Even before the economic decline, the German government was facing problems that it could not deal with, while the German people grew more and more discontented. One of the biggest obstacles of the pre-depression government was to deal with the reparations of the Treaty of Versailles. The German population was wholeheartedly against everything the treaty stood for, but the government had political obligations to pay off the reparations that were due. The mark was greatly devalued because of the unreasonable reparations demanded by the Allies, as well as the demobilization of German troops. And even though the economy was slightly revived in the mid-twenties, something that was partly due to the reform of currency to the Rentenmark, this period of flourishing made the depression of 1929 seem even harsher. This hit rural areas as hard as any, creating even more unrest in these already irritated regions. This allowed Hitler’s to utilize his ability to speak and convince his audience. People in Germany were ready to listen to just about anything, and Hitler along with the help of the SA, was able to go around the country conveying his message and ideology. He was able to appeal to all different societal groups, and this is what differentiated him from the other candidates. The depression was a spring board for Hitler’s rise to power, however, the weakness of Weimar Republic as well has Hitler’s brilliance as a leader we all factors contributing to the rise of one of the worlds darkest era’s. The Nazi party was not formed quickly, and lacked support in the years following the Second World War. It began as the German Workers’ Party and was initially shaped by Anton Drexler in 1919. Hitler was one of the party’s first devoted members and he quickly criticized the state for giving into the Allies. Hitler rose to head of the party’s propaganda as Drexler recognized his ability as a public speaker. Following this, Hitler had a clear idea of his next goal, and that was to become leader of the party, doing so in July of 1921. His idea was to offer a differing ideology from that of the different parties. In 1925, we re-founded the NSDAP and created a new strategy. He created the image of a constitutional democracy aimed at electoral support. But the country was not searching for radical solutions, because in the mid-twenties, Stresemann was in charge, and everything seemed to be going well. The NSDAP only had 12 seats following the 1928 election, and this limited success was a result of conditions not being right for Hitler to gain the support he needed. He needed unrest and unhappiness amongst the general population so they would look for radical solutions to their problems. But this was not to be, and as the twenties rolled on, Hitler searched for a different support base. He found one in the rural areas.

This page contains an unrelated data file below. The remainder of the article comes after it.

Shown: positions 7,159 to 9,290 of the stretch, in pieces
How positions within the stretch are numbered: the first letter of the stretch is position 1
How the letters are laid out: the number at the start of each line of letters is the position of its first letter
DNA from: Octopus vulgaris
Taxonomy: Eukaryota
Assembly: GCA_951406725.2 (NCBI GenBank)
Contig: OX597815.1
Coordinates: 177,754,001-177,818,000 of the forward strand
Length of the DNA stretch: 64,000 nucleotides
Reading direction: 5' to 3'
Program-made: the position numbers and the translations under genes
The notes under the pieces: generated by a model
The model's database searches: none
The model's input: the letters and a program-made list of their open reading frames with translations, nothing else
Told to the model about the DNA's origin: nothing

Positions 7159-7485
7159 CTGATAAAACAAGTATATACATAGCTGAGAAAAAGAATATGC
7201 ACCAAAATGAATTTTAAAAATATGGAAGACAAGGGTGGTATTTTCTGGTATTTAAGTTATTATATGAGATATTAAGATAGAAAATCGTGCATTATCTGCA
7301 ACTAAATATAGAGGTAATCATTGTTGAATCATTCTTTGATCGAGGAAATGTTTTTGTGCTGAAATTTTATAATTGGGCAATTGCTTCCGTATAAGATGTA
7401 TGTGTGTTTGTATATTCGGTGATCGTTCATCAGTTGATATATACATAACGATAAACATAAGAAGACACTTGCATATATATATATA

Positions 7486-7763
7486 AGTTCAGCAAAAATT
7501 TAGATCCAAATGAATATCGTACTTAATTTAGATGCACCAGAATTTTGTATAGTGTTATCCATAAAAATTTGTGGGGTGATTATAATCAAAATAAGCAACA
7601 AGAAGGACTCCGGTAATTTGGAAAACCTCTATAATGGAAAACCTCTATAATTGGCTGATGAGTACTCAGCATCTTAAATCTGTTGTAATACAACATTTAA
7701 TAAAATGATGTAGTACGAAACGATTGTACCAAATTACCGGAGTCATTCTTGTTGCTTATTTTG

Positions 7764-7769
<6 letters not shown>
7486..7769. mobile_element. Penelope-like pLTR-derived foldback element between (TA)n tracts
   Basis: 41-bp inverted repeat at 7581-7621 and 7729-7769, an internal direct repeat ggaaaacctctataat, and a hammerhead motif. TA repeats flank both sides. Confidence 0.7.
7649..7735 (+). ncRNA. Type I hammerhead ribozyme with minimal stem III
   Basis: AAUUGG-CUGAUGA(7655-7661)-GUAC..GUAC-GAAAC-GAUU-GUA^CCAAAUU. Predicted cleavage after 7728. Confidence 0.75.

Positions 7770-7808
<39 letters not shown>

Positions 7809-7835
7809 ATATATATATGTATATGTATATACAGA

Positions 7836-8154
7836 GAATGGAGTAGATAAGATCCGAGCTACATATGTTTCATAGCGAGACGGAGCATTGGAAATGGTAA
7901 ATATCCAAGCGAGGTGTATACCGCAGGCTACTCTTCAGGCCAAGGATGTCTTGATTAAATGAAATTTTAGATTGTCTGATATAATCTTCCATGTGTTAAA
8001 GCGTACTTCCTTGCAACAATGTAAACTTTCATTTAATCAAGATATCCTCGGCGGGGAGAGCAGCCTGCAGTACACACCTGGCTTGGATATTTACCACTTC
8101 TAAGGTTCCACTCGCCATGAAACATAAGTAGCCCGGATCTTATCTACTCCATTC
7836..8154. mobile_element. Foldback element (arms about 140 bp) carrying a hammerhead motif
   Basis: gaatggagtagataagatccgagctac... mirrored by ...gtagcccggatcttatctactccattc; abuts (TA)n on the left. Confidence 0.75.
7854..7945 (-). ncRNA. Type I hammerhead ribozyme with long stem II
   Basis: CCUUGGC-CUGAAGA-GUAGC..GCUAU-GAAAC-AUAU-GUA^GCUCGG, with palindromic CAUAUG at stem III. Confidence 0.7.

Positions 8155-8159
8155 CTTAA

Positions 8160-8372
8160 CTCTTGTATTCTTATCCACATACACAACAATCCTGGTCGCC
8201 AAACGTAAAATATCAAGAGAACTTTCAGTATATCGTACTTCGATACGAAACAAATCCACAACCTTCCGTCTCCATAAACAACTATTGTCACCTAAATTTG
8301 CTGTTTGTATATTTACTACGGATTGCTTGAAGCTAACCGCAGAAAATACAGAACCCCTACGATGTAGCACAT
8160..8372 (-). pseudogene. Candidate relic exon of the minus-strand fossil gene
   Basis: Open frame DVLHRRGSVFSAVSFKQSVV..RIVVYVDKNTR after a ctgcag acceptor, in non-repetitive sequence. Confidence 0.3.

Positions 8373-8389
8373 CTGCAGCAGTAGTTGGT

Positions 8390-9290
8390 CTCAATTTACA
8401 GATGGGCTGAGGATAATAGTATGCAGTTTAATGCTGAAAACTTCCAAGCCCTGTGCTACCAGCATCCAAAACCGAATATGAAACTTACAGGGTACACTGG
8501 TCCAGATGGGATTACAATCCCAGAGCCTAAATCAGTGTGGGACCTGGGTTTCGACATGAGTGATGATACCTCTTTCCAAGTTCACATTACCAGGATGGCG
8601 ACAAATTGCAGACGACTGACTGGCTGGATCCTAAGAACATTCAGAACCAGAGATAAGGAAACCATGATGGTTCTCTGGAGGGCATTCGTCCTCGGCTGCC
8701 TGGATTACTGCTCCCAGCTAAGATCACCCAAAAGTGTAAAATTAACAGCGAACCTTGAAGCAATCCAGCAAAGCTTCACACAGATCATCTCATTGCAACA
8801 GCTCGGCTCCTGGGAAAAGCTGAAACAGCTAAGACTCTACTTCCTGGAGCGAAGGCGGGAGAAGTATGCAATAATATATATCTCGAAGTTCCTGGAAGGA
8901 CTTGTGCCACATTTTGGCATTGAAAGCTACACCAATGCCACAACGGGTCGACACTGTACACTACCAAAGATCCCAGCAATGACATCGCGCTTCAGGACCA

In conclusion the last important factor was the failure of the Weimar republic in conjunction with the success of Hitler’s propaganda. Democracy worked in 1923 because of the state of the economy. The economy seemed strong and people were happy. This is why the Nazis were not receiving nearly as much support as they would a decade later. But, the government was almost too democratic because each 60,000 votes gave a party one seat in the Reichstag. This meant that there was a wild array of parties, leading to a web of coalitions. As a result, the power was slowly spreading out, and as the economy slumped, the cracks in the system grew. Fraenkel suggests that the government failed to execute “the functions which devolve upon them in a constitutional pluralistic Parliamentary democracy.” And as the coalitions began to separate, leaving Hitler an opportunity to some to power. He used the radio, the papers, speakers, provocative posters and bands to get his word across to the people. But, he was successful because he kept his messages simple and easy to remember. Hitler believed that “the receptivity of the great masses is very limited, their intelligence is small, but their power of forgetting is enormous.” His party was the most organized as this allowed him to seize power when the opportunity arose; and it did so with the coming of the depression. Hitler’s rise was a combination of good timing, excellent planning and endless dedication to success. He tried many different strategies until he found one that worked, and unlike other parties, he adjusted to what the voters wanted. He expanded his support base by making issues that concerned people, easy to understand and remember. He earned his way up in the ranks of his party, and became leader of Germany because of the many factors discussed. He acted when was appropriate, and the poor economic state did nothing but help Hitler quest for leadership. It allowed him to gain the interest, and eventually the trust of the people. But the results of such brilliant campaigning resulted in arguably the most gruesome regime in the history of mankind.